Binary options trading is a new and innovative way to trade financial markets which is also fast becoming one of the most popular. The simplicity of trading with binary options which, at its most basic, allows traders to select options that can expire up to 80% in profit has attracted many traders over the past few years. However, binary options are not only attracting traders looking for a more straightforward trading experience, but also those traders who are looking for new and exciting ways to make money using some of the innovative tools and techniques available exclusively to binary options traders.
What is hedging?
Binary options provide an entire range of potential trading strategies across multiple timeframes. One of the most interesting and potentially profitable strategies used by binary options traders is the ability to hedge binary options positions which many other forms of trading do not allow. Hedging is the practice of opening an opposing position in the same market, effectively meaning the trader will hold a long and a short position open at the same time. Hedging itself is used for a number of reasons by professional traders, although less frequently in the same market where any gains or losses will be cancelled out by the opposing position.
How hedging can reduce losses
So why would anyone bother hedging in the same market if the trade will simply cancel itself out at the very best? For many trading derivatives, it may not be possible to hedge a position due to the fact that an opposing trade will often act to simple close the initial position. However, Binary options are unique in that they simply require the options to only expire higher or lower than the strike price in order to result in a fixed-profit trade. Where predetermined profits are often 85% and losses are 85-90% of the initial investment, hedging acts as a great way to trade high probability setups with minimal or no risk at all. A classic example of this is trading a high-probability break lower on a price chart. Purchasing options lower already has a high probability of success in such trades and for the options closing ‘in the money’, however, the key to using hedging to lower your risk when these breakouts do not work out is to purchase long options as near as possible to your original purchase level. This results in two positions being open and which effectively cancel out the losses and gains of each position.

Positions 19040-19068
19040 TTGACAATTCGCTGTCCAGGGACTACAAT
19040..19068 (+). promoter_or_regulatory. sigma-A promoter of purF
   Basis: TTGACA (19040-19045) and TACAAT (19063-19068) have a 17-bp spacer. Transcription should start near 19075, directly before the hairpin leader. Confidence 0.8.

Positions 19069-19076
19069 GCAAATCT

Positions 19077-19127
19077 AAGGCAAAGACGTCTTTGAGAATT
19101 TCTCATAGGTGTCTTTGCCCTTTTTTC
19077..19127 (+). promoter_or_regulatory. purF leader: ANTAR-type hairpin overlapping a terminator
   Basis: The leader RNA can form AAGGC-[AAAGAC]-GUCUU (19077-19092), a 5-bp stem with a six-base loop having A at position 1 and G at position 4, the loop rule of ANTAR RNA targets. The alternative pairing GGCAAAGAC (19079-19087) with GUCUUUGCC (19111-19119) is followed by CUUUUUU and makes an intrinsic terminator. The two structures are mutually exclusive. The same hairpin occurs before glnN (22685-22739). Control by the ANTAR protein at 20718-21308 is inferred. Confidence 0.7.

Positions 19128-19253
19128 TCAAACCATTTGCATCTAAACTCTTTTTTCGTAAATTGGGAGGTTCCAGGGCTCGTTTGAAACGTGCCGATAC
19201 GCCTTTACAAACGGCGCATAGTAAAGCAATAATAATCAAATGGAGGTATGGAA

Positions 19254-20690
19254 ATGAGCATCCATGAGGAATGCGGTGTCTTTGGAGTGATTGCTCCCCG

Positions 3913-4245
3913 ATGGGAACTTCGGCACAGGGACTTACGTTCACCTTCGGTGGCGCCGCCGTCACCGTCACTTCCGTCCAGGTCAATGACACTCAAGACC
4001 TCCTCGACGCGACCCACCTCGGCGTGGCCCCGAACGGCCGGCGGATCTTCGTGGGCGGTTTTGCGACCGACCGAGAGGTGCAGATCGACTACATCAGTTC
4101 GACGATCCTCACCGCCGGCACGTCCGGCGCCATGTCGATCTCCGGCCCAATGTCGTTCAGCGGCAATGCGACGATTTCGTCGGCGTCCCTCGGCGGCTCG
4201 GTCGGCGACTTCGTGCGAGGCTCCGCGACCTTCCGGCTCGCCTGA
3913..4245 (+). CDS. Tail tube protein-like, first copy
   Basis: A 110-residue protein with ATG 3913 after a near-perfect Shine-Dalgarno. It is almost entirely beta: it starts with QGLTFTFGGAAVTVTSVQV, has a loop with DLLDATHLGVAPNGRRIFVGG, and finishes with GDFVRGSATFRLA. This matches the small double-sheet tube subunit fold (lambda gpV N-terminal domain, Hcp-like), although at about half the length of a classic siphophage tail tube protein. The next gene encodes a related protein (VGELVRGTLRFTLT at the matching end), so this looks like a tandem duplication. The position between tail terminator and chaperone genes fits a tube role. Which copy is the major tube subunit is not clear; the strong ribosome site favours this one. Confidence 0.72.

The benefits can be applied to high probability trades
Hedging binary options in this way means that those times when a trade fails, or even looks as though it may not result in a straightforward profit, the risk of the trade can be neutralised or lowered to just a few percentage points on these trades. This obviously makes the risk-to-reward ratio of trading binary options far more attractive for these high probability trades. Hedging in this way relies on two skills which can be developed by all trades; the first of these is fairly quick reactions to changing situations and also the discipline to effectively cancel the trade. Executing the hedge as near to the original entry price as possible is essential to mitigate any risk of both sets of options expiring out of the money. Master this and you will significantly reduce the losses when a binary options trade begins to go against you.